Every high end ski can be described as performing better when the skier does all the right things. Some skis challenge the skier to be very technical, and some skis allow the easier to do all the right things. The S2 forgives sloppy skiing, but more importantly, the S2 makes it easier to do the right things.
From the Second Wake to the ball
The S2 maintains angle off the second wake and draws a path wide of and in front of the ball as consistently as any ski ever made. As with any ski, staying connected to the boat on the way out to the ball line will result in additional width, but if you struggle with this skill, the S2 will still get you surprisingly wide.
More than any ski that I can recall, the S2 rides with a constant attitude on the water. Forward and backward weight shifts by the skier seem to be muted. To say this another way, the S2 is extremely stable in the pre-turn. This attribute makes it easier for the skier to think about what he/she is doing.
From the ball to the Second wake
Unless pushed with excessive aggression, the S2 will exit the ball with the tip down and head across course without any fuss. Should the skier apply extra lean on the way to the wakes, the S2 will deliver a surprising burst of speed.
The Radar Vice is perhaps the most overlooked high end ski on the market today. With a list price of $750, who would think that this ski should be considered against skis costing nearly twice as much? I was skeptical, and in the end, I was impressed.
This ski is made from the exact same mold as Radar’s flagship ski the Strada. To put it another way, the shape of the Vice is identical to the Strada. The difference is only materials. The Strada is made from the highest tech and most expensive materials. The Vice is made from materials that are less “cutting edge” and are not as light.
With a blend of carbon fiber and fiberglass, along with a polyurethane core, the Vice has dampening properties that more expensive skis do not. An analogy for a more damp ski is that it rides like a car with softer suspension. Edge change transitions are smoother and slower resulting in a longer and wider path from the wakes to the ball. Speed through the course is more constant. The Vice feels exceptionally comfortable and stable underfoot approaching the ball.
The trade off is that, after a major mistake, a damp ski like the Vice does not accelerate as fast as an all carbon and PVC ski like the Strada. On a Strada, if you do something ill advised at one ball, you can scramble and recover by three ball. Conversely, on a Vice, if you do something ill advised making up ground is much more difficult. The other side of this argument is that you may make less mistakes on a more stable ski like the Vice.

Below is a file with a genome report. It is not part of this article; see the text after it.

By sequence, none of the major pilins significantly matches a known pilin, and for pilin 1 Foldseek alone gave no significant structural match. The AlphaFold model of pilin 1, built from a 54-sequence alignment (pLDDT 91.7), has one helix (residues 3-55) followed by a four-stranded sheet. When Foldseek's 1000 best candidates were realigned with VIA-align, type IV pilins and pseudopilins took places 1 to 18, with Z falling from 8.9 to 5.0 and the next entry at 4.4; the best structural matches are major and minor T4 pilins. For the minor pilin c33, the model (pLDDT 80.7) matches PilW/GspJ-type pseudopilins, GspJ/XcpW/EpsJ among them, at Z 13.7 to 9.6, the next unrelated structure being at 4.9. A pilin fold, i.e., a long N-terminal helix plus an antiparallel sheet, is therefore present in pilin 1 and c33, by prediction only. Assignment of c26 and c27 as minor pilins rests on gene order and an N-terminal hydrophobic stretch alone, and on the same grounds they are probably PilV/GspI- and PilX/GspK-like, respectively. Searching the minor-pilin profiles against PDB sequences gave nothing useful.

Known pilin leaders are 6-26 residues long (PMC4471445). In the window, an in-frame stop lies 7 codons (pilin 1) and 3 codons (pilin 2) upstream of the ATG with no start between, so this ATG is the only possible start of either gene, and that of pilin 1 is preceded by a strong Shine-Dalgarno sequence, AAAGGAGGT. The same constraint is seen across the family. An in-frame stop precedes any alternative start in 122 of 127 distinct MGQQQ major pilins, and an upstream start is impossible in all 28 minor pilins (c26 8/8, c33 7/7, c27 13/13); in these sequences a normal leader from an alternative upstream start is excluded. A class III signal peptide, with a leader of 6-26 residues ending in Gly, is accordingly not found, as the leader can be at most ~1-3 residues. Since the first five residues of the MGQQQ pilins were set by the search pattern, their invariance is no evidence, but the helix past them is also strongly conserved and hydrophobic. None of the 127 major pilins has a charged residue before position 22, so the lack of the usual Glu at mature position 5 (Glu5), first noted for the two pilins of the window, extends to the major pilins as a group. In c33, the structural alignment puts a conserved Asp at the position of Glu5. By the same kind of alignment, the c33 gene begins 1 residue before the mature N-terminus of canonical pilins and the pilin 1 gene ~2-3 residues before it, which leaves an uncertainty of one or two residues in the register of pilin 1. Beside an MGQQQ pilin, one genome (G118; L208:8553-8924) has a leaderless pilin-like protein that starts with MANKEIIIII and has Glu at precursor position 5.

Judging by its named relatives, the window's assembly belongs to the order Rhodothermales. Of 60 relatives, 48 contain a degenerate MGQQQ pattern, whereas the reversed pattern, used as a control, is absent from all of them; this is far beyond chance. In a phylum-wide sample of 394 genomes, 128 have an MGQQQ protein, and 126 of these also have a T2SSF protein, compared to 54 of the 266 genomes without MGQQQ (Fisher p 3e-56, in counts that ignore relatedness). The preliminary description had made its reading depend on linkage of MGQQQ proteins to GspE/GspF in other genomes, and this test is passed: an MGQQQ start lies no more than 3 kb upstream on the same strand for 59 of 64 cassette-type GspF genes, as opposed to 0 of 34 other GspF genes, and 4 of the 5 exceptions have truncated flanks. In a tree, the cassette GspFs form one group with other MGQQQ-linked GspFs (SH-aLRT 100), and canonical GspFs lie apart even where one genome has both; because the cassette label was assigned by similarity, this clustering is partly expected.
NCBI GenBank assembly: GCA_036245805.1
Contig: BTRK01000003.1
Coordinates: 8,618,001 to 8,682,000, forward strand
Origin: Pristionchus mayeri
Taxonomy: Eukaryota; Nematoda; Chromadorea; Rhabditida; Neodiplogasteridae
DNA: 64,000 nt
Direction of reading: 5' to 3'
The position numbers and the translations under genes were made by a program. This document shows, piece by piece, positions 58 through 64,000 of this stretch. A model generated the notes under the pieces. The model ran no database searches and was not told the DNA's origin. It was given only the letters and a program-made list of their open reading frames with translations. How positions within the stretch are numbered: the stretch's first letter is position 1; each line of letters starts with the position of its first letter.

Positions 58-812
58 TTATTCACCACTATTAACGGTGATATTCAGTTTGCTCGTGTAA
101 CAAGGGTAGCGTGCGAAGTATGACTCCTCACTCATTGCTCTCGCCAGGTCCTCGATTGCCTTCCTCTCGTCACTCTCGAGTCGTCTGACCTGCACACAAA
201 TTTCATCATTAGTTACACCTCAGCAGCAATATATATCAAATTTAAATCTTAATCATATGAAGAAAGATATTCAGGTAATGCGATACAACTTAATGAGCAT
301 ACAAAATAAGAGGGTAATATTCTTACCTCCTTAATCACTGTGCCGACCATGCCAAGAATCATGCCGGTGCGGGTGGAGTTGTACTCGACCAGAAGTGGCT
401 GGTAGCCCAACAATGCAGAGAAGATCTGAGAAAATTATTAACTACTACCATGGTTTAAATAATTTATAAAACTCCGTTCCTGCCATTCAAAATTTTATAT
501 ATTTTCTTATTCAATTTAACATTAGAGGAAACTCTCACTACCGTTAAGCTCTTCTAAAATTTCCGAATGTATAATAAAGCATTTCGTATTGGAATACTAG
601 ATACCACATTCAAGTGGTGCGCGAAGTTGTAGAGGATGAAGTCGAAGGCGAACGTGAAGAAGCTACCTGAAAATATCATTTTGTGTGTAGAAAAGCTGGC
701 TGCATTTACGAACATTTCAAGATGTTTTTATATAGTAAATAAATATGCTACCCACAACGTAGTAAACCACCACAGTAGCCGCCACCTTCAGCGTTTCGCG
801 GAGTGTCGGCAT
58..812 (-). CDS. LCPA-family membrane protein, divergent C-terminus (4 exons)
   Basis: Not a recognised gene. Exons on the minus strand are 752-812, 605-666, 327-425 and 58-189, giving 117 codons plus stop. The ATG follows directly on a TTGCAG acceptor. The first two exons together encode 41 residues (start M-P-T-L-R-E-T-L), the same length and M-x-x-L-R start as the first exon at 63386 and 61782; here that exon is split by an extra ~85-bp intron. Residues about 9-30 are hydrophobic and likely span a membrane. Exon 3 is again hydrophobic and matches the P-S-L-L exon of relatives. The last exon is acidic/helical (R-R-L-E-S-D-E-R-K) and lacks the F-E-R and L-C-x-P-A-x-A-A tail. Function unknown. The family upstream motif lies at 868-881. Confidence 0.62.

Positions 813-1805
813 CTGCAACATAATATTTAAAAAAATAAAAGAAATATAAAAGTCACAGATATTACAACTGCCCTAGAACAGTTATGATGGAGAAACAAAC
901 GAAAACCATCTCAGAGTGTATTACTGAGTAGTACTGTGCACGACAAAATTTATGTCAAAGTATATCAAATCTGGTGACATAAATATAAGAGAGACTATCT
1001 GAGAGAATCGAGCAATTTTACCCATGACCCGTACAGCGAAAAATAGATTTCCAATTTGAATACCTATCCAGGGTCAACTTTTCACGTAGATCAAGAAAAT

As with the Strada, the Vice is a very stable ski. Turns on both sides are consistent and even. On side turns are practically automatic and off side turns only require a little patience and a centered stance.
If money is not the issue, perhaps the Strada is better for deep shortline. For longer rope lengths and/or slower speeds, the Vice is an easy choice.
The 2012 Connelly Prophecy can trace its linage back to the Connelly F1 and earlier versions of the Prophecy. While its predecessors were radical in terms of skiing attributes, the new Prophecy is more user-friendly and mainstream. With a top graphic that is a mix of carbon fiber and hard wood, this ski lets you know that it is not too conventional.
With a revised tunnel, bevels, rocker and flex from the original Prophecy, this ski is more stable and much faster. In terms of skier effort and technical skills needed to get wide at short rope lengths, this ski is a vast improvement over previous versions.
The personality of the new prophecy becomes even more apparent the first time you round a buoy.
Toe Side (Off Side) Turn
When approaching the off side and standing on the middle of the ski, the Prophecy draws a dependable and smooth arc wide of the ball. As with previous high end Connellys, this ski requires that the skier focus on keeping their shoulders level approaching the apex. Past the apex, this ski will continue to acquire substantial angle provided the skier does not prematurely rotate their shoulders toward the wakes. Patience is required exiting off side turns on this ski.
My first introduction to SansRival was last winter over beers in a hotel bar in Vienna, Austria with the company owner, Alex Munninger. This charismatic Austrian businessman was explaining to me how he loved water skiing, and how he was building a ski in Germany that was, literally, without rival. At that point, I had never seen one of these German made Austrian skis nor had I met anyone who had skied on one. I had no idea who the design team was or if this company was for real.